Juno always had the best sales pitch. The company started in New York in early 2016, a late entrant to the competitive ride-hailing business, but quickly made a name for itself by promising to be nicer to drivers. Juno pledged to keep its commission low, at 10% of a fare, and to operate a round-the-clock support center. It also told drivers that, by working enough hours, they could earn Juno stock from a special program, and share in the company’s long-term success.
Uber has alienated many drivers by repeatedly cutting fares and misleading them about how much they might earn. “A lot of Uber drivers’ complaints fall on deaf ears,” Talmon Marco, Juno’s founder, said in February 2016. “Juno is literally addressing all of these pain points that Uber hasn’t done anything about for years.”
It took a little more than a year for Marco to convert that pitch into a sale. Juno said today that it had been acquired by Gett, another ride-hailing company in New York, in a deal priced at $200 million. Under the terms of the deal, Marco and his three co-founders, as well as the rest of Juno’s employees, will join Gett to run its New York team. The services will merge and rebrand as “Juno by Gett.”
And in an email to drivers, “Juno & Gett Are Joining Forces,” Juno said its stock program had been terminated, “effective immediately.”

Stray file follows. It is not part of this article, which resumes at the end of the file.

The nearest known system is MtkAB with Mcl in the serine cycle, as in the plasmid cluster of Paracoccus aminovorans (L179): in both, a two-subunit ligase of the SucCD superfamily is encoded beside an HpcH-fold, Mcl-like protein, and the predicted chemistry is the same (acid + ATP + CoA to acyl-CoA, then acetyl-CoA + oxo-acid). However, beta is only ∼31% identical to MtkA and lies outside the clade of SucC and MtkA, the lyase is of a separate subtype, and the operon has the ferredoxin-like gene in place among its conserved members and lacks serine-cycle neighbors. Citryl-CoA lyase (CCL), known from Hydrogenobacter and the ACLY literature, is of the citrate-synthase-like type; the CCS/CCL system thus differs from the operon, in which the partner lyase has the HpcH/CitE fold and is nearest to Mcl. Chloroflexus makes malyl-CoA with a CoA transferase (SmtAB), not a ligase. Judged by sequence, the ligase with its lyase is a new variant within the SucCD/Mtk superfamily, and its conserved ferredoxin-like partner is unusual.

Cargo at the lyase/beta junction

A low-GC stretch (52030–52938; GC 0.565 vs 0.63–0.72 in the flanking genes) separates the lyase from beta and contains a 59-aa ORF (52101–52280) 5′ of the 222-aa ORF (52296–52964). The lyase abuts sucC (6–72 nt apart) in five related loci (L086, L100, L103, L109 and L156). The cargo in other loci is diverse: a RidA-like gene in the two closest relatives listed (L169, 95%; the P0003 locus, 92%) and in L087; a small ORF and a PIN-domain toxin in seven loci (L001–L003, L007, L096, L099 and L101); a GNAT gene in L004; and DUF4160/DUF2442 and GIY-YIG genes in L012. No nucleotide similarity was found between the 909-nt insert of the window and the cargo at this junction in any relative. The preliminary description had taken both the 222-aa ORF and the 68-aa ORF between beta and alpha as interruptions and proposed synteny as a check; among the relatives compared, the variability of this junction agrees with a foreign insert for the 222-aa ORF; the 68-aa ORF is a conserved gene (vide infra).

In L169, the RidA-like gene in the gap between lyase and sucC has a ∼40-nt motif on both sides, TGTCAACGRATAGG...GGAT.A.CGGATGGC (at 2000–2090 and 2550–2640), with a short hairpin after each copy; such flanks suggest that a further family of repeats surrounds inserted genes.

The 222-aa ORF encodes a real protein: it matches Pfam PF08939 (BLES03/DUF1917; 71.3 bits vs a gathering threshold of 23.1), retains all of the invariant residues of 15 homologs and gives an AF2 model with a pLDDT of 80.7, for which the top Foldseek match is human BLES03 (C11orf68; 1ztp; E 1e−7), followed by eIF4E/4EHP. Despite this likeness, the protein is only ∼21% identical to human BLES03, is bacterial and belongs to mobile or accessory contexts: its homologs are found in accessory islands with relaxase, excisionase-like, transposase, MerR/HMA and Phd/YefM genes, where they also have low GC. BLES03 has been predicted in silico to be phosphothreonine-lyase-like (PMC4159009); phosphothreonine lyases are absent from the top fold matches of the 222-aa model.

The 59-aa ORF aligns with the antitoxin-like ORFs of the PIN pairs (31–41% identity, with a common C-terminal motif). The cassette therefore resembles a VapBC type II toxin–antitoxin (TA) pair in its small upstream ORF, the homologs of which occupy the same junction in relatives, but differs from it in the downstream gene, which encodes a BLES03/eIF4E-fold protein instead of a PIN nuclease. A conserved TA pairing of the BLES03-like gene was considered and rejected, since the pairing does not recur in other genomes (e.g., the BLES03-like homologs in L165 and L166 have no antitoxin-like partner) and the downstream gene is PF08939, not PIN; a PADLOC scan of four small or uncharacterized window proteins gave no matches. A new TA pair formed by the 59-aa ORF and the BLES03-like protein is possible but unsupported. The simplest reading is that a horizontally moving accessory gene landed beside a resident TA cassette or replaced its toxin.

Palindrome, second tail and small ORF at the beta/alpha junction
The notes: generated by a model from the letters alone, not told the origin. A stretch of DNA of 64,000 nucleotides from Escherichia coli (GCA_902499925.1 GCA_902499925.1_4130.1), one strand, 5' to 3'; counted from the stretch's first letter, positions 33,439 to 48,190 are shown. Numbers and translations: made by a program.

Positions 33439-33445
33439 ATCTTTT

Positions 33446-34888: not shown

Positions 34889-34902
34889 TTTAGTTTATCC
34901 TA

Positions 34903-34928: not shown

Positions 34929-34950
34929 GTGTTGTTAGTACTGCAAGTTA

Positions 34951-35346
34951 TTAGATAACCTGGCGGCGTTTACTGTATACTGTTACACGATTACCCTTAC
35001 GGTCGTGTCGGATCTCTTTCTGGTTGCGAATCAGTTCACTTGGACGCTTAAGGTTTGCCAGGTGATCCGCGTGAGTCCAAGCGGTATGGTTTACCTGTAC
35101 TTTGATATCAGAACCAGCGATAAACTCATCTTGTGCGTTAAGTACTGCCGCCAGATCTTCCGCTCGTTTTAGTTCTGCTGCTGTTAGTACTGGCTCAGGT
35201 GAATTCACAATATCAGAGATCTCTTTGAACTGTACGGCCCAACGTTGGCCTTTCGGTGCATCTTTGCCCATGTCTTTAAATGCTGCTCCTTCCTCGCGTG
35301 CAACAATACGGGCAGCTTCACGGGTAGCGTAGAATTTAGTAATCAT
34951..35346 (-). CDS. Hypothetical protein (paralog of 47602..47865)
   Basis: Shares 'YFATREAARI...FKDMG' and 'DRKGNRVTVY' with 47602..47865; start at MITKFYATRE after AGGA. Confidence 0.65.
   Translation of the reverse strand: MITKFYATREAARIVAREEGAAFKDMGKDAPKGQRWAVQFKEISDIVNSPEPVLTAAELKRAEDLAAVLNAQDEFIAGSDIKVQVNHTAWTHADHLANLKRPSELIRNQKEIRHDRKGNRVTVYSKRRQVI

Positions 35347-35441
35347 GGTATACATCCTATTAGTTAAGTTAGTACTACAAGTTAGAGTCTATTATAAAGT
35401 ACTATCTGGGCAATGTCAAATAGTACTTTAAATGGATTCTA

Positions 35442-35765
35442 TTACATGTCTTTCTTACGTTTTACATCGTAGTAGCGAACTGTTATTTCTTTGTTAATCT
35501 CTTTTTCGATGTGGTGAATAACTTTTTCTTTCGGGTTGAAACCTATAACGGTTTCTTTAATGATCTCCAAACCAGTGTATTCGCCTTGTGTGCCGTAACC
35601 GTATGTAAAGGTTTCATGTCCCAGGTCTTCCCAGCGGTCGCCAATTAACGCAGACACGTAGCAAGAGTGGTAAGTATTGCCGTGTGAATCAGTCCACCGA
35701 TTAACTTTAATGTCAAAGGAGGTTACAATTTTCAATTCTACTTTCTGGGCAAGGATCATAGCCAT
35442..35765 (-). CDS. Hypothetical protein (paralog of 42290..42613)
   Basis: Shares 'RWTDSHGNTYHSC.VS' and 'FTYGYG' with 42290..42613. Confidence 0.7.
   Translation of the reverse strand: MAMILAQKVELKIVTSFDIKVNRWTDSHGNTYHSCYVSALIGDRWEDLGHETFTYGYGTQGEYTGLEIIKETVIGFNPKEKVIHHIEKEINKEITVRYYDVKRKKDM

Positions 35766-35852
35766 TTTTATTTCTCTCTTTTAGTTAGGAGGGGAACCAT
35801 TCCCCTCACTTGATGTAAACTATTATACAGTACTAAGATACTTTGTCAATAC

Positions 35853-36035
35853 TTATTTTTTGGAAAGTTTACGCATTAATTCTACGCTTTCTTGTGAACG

The sale has shaken for-hire drivers in New York, many of whom took Marco at his word when he talked about creating a better, more ethical ride-hailing company. “I met with Talmon Marco directly and we had a conversation about the stock and stuff,” Juno driver Steven Savader told Quartz Wednesday afternoon. “He really seemed like he really wanted drivers to be part-owners. He could have fooled me, and he did.”
Savader started driving for Juno in early 2016, before the service officially launched. He was also signed up on Uber, Lyft, and Gett, but heard about Juno and was excited by Marco’s talk of improving things for drivers. Juno gave him a free Android phone and data plan. That summer Savader received a “Restricted Stock Unit Plan” that said he would get either shares in the company or a cash payment in lieu of them if he worked at least 120 hours a month, for 24 out of 30 consecutive months. He and Marco both signed it.
In October Marco told Reuters, “I don’t think our drivers are going to make millions, but they will potentially make a nice chunk of money in addition to their ongoing earnings.”
Over his more than a year of driving for Juno, Savader became eligible for 6,035 restricted stock units (RSUs), a form of equity commonly given to employees by employers that vests in increments over a set period of time. In an email to Savader late this morning, Juno said those shares made him “eligible to receive a payment of $107, subject to certain conditions.” It added: “In a few days you will get an email with more details about this one-time payment.”